Perhaps some of you have seen some of these ....
How about the 14th one? - courtesy the Nebraska Historical Society.
What's different from that blend and the "modern" ethanol - if it worked then (and maybe it didn't) why not now?
Talk waterpumps later??
(Better that than politics)
One can almost date a lot of those pic. by the yrs. of the cars in them.
Gas stations had so much more character back then.
1st picture, Bomber gas station. It is in Milwaukie/Oak Grove, OR. It is still there & operating. When my mother was a young girl, the public was allowed to go inside the B-17. After years of stealing parts and someone fell out, the public is no longer allowed inside. The nose of the aircraft is housed in a building on the same property and there is an ongoing effort to restore the airplane to flying condition.
In the second photo of the Gilmore Gas Station you can see that they have a car or pick up truck with wire wheels in the front window.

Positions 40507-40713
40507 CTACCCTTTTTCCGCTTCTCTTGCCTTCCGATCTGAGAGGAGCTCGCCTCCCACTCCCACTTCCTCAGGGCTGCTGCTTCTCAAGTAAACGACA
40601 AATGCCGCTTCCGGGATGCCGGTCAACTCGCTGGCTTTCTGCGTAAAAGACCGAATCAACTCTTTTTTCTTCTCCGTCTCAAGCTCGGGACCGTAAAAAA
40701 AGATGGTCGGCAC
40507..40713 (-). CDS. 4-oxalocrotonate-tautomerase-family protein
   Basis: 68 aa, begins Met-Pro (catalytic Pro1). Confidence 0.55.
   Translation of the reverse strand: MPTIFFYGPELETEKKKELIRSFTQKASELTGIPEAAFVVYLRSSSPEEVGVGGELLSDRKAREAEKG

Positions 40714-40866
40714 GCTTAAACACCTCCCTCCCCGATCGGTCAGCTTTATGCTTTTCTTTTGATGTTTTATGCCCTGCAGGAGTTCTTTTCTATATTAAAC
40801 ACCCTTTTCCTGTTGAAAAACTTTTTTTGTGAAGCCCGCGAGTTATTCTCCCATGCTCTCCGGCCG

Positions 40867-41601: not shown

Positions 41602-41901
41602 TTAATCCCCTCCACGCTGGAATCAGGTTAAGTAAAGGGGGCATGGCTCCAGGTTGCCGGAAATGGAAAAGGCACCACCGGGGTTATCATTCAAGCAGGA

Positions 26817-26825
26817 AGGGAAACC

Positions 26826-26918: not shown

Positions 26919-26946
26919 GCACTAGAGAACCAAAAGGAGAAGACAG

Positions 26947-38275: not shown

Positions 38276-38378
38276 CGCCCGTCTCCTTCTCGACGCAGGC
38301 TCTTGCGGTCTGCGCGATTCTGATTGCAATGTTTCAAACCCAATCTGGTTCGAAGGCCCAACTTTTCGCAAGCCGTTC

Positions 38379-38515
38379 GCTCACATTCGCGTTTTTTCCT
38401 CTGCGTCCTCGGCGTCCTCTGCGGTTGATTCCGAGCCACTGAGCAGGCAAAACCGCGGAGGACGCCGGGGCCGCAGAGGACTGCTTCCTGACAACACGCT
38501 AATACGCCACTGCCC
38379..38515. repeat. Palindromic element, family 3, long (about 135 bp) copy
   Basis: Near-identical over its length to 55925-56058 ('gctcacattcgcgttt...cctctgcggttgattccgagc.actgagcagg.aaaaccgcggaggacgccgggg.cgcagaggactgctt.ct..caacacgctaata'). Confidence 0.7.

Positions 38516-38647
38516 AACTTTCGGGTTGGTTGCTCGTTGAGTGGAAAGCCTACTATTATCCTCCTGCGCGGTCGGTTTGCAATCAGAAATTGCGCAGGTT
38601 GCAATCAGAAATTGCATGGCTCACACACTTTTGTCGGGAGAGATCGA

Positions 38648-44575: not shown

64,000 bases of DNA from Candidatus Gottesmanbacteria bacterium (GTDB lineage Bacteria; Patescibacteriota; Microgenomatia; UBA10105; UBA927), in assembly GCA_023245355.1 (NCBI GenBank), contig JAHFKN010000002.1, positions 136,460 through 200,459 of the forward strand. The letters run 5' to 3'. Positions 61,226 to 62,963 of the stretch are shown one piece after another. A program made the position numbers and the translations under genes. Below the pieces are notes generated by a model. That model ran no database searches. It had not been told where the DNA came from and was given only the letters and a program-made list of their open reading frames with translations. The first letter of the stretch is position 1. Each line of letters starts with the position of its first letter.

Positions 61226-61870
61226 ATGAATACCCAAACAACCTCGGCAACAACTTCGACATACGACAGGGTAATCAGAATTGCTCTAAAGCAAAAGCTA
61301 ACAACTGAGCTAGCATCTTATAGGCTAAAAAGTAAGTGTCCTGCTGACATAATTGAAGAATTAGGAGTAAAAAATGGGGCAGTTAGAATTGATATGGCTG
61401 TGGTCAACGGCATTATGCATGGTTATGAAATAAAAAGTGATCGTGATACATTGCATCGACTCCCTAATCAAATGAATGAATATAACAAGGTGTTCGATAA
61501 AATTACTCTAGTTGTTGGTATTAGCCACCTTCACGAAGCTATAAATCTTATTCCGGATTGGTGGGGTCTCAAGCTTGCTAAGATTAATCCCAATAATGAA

How did they get all those cars stacked up in those 2 racks?
I believe there is a moveable platform between the two racks that elevate a car to its place.
The third photo from the bottom (Standard station) was almost certainly taken in St. Louis, I think. Eagle Stamps were a kind trading stamp issued by a subsidiary of the May Department stores (which narrows it down to a handful of cities) and we had an Adams Dairy here as well.
My father in the 50's and early 60's owned the biggest Shell gas station in St. Louis. He gave Eagle Stamps. I still remember my Mom taking stacks of filled books to Famous Barr department store to buy clothes for us kids. Dad got a better return on the stamps at Famous than turning them in for cash.
Did anyone see the sign on the wall in photo #14 that advertises "Barney Auto Sales-Home of the Tucker"?
I've been told that the station in photo #9 in Cucamonga still stands.
Mike, there was a family in that area that owned a Tucker in about 1990. They were Franklin restorers. Dunno if they bought it new. Can't remember the name..
We have an iconic gasstation, designed by the danish architect Arne Jacobsen:
It's still there today: http://goo.gl/maps/7dWfj
this sinclair is in snyder,tx has been restored need to take my t over and take a few pictures